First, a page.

- details behind the hidden nature of elder abuse,
- how court and justice agencies can develop resources and tools to identify and improve their responses to elder abuse.
Justice Clearinghouse Editors (JCH): Your webinar is specifically about the hidden nature of elder abuse cases. Why are elder abuse cases so “hidden?"
Brenda Uekert: There are many reasons why these cases are “hidden.” Older victims often feel a sense of shame and are reluctant to report incidents—especially when their own family members are responsible for the abuse, neglect, or exploitation. When these cases are reported to law enforcement, the response may be less than ideal. For example, the older victim’s credibility may be questioned if he or she has some memory issues, or responding officers might erroneously dismiss the case as a civil matter upon learning there is a power of attorney or guardianship in place. Even medical practitioners may fail to distinguish intentional from accidental bruising and attribute more subtle signs of abuse or neglect as the side effects of aging.
JCH: What are the biggest myths or misconceptions you think the justice community has about Elder Abuse or the investigation/prosecution of elder abuse cases?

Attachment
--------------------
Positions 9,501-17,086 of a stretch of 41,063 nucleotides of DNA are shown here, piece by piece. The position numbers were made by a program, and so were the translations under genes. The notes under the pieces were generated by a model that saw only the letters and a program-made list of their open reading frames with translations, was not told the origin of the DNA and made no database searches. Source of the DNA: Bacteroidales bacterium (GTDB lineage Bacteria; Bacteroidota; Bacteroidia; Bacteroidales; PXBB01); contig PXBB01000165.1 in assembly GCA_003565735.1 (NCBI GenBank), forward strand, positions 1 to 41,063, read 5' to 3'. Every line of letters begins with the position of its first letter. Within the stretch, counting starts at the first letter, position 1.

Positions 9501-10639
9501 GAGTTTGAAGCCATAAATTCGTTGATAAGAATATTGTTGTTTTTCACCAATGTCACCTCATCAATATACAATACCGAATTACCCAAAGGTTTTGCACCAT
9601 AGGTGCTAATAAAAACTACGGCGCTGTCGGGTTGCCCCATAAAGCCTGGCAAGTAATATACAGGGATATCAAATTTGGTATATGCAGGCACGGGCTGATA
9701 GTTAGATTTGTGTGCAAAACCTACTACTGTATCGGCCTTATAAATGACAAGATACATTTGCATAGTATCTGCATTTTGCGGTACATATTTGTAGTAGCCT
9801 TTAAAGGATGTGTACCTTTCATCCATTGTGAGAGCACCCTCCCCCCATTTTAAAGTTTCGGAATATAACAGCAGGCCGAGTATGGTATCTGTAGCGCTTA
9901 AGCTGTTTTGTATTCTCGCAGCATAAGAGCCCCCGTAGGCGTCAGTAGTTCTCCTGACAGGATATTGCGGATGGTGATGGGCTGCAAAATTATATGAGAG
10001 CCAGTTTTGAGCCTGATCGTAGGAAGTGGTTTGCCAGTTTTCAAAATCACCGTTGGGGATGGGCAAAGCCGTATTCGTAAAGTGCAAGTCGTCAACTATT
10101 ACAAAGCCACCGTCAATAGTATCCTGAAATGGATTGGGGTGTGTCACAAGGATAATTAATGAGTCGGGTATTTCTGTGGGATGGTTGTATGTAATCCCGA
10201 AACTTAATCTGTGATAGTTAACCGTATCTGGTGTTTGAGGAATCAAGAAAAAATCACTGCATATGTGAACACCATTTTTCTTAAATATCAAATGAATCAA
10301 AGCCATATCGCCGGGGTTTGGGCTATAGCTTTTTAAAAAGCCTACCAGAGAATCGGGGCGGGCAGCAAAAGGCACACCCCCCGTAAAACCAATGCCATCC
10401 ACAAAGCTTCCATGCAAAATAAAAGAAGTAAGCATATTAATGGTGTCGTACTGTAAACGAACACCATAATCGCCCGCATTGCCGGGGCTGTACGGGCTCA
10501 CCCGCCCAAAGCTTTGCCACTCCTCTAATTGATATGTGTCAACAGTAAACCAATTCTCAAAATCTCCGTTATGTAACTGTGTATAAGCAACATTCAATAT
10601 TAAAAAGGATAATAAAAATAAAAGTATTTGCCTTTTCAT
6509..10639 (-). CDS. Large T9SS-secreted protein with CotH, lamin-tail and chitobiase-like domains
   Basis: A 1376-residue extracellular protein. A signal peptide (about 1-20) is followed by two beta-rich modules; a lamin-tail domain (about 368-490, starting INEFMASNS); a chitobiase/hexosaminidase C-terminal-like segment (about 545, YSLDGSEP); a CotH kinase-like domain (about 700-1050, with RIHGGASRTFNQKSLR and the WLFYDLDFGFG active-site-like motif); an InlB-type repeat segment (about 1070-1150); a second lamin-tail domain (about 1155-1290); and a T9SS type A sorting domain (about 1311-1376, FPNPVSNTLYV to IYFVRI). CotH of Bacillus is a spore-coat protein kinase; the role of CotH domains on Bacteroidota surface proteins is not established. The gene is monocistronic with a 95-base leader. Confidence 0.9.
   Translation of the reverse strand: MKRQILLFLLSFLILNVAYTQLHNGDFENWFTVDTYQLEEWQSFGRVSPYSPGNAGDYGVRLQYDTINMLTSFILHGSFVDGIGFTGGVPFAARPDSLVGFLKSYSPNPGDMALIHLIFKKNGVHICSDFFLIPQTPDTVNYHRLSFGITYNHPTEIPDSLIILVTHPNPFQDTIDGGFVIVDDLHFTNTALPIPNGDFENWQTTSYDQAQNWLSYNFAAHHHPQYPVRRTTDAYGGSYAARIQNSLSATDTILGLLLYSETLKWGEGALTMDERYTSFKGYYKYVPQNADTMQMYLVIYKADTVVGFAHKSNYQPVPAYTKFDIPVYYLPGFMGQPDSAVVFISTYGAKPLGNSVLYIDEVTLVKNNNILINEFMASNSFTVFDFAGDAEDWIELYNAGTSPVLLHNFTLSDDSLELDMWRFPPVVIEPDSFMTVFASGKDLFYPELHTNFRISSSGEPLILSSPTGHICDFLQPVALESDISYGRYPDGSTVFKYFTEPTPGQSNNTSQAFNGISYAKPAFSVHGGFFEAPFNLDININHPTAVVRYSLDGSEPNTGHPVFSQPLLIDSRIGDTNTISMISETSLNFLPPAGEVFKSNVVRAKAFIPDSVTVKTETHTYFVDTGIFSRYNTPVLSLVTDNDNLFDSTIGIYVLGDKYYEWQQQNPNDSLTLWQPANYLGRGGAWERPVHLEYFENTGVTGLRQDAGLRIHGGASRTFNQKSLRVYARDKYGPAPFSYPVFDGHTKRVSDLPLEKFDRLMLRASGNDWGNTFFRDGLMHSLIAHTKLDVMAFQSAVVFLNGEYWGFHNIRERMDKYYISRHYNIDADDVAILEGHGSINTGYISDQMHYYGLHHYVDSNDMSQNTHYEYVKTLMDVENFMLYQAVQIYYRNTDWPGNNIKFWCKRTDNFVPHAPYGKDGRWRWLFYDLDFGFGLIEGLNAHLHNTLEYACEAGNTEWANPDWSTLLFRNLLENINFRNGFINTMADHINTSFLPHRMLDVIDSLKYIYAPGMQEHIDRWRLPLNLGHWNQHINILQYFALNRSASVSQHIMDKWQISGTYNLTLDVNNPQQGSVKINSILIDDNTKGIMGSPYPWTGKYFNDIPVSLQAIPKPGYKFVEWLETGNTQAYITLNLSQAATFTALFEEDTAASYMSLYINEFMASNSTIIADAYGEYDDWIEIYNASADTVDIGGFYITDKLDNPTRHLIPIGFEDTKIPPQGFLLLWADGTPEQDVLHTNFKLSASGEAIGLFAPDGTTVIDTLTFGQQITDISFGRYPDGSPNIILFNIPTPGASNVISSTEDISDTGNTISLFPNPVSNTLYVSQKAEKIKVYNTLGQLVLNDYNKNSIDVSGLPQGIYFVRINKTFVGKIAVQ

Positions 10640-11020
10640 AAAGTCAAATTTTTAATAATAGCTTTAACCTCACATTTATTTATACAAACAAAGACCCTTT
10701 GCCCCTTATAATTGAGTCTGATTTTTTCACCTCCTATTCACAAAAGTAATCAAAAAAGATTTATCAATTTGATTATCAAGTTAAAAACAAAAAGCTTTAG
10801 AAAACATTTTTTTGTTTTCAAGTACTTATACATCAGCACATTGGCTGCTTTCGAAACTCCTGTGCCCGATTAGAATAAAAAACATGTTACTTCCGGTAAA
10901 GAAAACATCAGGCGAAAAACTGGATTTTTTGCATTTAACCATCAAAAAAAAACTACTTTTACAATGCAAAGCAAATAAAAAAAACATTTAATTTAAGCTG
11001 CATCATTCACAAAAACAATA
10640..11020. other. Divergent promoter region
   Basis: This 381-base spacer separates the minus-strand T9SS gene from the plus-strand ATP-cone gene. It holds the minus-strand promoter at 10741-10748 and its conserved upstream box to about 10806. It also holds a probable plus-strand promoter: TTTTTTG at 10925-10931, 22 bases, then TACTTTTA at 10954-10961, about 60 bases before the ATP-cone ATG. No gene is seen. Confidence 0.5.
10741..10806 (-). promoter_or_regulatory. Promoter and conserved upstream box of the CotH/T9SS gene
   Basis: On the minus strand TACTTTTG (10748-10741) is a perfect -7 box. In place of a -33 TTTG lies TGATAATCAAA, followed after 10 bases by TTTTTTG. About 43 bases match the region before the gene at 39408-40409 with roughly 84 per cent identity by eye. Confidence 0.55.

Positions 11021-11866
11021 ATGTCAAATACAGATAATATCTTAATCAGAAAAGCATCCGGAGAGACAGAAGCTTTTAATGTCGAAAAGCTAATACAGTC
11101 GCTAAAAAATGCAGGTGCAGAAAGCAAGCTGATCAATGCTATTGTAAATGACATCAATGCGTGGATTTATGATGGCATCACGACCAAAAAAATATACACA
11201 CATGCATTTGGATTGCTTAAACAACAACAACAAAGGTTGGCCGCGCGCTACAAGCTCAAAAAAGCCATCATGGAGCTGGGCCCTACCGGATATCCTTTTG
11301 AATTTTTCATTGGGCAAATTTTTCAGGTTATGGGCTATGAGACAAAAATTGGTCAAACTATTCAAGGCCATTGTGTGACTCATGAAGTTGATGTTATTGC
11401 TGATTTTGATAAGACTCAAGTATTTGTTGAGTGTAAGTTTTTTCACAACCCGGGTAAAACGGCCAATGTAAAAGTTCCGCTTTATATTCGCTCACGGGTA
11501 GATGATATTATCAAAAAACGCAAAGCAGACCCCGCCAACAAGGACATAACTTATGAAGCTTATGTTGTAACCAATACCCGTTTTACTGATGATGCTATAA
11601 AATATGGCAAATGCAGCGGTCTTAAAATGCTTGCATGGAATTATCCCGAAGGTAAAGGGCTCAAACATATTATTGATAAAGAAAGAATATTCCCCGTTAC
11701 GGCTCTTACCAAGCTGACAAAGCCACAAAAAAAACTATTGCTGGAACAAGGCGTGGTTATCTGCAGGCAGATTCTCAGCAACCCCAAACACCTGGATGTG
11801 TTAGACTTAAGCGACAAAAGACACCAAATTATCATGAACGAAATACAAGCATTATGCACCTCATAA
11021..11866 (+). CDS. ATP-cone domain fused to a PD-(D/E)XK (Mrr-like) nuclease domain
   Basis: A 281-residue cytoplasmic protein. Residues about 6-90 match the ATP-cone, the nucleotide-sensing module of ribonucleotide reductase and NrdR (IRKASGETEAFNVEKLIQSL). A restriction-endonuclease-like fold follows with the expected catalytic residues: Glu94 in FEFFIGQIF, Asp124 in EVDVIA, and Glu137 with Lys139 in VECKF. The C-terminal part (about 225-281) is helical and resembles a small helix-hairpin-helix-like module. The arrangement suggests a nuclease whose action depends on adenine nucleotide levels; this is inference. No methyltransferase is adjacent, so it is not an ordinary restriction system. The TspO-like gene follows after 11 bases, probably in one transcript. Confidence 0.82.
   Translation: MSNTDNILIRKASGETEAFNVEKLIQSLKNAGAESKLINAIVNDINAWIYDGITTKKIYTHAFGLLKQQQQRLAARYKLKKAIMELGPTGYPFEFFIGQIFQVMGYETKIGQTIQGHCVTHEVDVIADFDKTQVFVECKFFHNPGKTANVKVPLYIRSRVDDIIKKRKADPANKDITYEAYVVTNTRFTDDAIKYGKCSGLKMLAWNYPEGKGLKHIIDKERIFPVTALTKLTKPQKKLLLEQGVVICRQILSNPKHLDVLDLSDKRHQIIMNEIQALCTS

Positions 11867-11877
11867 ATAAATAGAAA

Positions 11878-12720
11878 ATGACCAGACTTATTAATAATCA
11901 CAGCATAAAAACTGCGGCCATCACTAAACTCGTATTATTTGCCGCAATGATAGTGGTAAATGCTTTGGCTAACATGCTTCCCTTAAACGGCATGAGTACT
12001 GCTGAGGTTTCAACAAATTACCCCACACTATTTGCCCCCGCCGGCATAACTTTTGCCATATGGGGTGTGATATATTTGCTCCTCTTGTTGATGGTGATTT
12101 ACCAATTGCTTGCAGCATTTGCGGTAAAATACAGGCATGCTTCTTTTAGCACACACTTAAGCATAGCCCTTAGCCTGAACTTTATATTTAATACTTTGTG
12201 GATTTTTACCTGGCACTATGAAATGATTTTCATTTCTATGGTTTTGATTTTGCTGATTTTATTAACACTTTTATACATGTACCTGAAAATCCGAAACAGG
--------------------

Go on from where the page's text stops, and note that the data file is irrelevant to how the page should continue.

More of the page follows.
JCH: The work that you do is important, but must be challenging at times. What drew you to this specific area of justice and protecting the elderly? What keeps you motivated or inspired to keep going – even in light of some of the horrible things you must encounter as part of your job?
JCH: In your role, you’ve had an opportunity to see what many states/jurisdictions are doing to protect our elderly citizens. Can you point to any success stories – prosecutors and law enforcement being able to work together for the better protection of our elderly community?
JCH: While many of our readers and subscribers are in law enforcement, we have representation from all parts of the justice arena (prosecutors, court personnel, probation, social services, etc). Can you share some specifics of what different types of justice professionals or first responders will gain by attending your webinar? What skills or new knowledge will they gain that they can immediately use the next day on the job?
- Types of cases that might involve underlying issues of abuse
- How to recognize intentional versus accidental bruising
- Common types of legal documents and why they do not give license to commit crimes
- The roles of consent, capacity, and undue influence
- How to develop a coordinated community response
- Adapting a judicial benchcard for your court
or here to register for the July 25 webinar, The Hidden Nature of Elder Abuse